"By the year 2060, Americans will probably remember as much about the 39th and 40th presidents - Jimmy Carter and Ronald Reagan - as they now remember about our 13th president Millard Fillmore," predicted Henry L. Roediger III, human memory expert at Washington University in St. Louis.Hillary Clinton, if elected in 2016, has the potential to be much better remembered than her husband because her presidency would represent a unique first in American history.
Barack Obama may be well remembered for the same reason, the study authors said. Roediger has been testing the ability of undergraduate college students to remember the names of presidents since 1973, when he first administered the test to undergraduates while a psychology graduate student at Yale University.
Among the six presidents who were serving or had served most recently when the test was first given in 1973, Harry S. Truman, Lyndon B. Johnson and Gerald R. Ford are now fading fast from historical memory whereas John F. Kennedy has been better retained.
"The findings estimate that Truman will be forgotten by three-fourths of college students by 2040, 87 years after his leaving office, just like Zachary Taylor and William McKinley," Roediger said.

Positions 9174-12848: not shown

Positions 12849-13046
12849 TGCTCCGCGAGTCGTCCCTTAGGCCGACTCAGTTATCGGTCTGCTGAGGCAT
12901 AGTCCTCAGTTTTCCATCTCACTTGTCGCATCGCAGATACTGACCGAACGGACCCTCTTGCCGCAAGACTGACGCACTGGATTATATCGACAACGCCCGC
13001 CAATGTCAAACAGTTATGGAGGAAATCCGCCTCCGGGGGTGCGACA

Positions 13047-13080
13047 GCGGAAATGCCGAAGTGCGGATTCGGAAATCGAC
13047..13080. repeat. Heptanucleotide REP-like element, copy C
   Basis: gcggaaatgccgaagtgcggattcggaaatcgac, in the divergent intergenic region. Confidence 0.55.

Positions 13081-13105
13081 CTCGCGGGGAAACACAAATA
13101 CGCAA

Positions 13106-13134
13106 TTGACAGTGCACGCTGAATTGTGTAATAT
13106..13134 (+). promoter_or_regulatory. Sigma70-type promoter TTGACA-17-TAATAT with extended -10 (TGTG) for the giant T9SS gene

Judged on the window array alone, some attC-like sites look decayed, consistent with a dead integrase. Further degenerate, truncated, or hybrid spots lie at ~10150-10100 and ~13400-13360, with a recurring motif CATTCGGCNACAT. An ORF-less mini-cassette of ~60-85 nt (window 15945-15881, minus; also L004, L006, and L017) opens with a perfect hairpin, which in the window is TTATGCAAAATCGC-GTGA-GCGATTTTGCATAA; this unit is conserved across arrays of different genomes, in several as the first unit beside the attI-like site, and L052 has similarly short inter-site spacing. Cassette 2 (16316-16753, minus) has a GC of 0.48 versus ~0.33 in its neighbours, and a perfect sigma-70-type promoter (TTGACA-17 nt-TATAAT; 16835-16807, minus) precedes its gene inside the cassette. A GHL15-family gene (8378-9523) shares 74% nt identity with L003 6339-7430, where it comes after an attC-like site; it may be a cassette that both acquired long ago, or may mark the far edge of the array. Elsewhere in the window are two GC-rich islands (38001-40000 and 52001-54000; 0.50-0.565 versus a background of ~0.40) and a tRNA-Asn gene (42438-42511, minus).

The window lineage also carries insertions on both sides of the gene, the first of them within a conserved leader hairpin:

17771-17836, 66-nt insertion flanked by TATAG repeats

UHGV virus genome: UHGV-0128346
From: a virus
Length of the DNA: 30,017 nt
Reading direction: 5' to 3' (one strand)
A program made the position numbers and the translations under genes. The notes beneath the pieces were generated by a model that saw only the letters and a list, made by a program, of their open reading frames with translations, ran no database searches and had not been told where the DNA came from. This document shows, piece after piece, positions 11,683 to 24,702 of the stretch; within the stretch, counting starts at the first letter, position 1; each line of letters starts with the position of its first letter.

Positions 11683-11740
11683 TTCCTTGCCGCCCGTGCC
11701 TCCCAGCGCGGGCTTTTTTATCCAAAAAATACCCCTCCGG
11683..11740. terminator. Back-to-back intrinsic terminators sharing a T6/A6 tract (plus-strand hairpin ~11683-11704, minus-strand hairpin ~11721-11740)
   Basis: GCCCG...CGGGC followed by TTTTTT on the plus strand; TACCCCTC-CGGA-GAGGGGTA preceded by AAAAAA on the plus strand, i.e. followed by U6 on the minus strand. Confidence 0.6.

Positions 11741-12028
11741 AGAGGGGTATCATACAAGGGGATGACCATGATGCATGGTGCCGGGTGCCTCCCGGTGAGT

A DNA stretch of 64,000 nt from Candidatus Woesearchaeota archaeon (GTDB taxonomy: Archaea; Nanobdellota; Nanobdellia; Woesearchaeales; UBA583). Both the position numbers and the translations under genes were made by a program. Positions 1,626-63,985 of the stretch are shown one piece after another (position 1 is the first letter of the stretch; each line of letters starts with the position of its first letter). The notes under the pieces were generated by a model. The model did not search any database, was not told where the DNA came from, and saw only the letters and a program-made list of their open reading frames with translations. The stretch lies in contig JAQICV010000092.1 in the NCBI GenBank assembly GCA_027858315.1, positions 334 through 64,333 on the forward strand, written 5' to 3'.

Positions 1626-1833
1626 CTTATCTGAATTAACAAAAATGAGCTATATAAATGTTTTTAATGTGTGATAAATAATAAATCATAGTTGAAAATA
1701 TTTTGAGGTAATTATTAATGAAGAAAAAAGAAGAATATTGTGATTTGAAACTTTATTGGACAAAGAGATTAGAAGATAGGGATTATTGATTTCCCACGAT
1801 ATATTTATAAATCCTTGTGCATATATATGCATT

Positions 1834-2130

Kennedy was president less than three years, but is remembered today much better than Lyndon Johnson."One idea is that his assassination made him memorable, but that does not apply to James Garfield or William McKinley who were also assassinated and are remembered relatively poorly," Roediger found.
"Kennedy may be well recalled because his brothers and other family members were (and are) active in politics and help to keep his memory alive," Roediger speculated.
The current study compares results from the presidential-recall tests Roediger has given to three generations of undergraduate college students (1974, 1991 and 2009) and a similar test offered online to 577 adults ages 18-69 in 2014.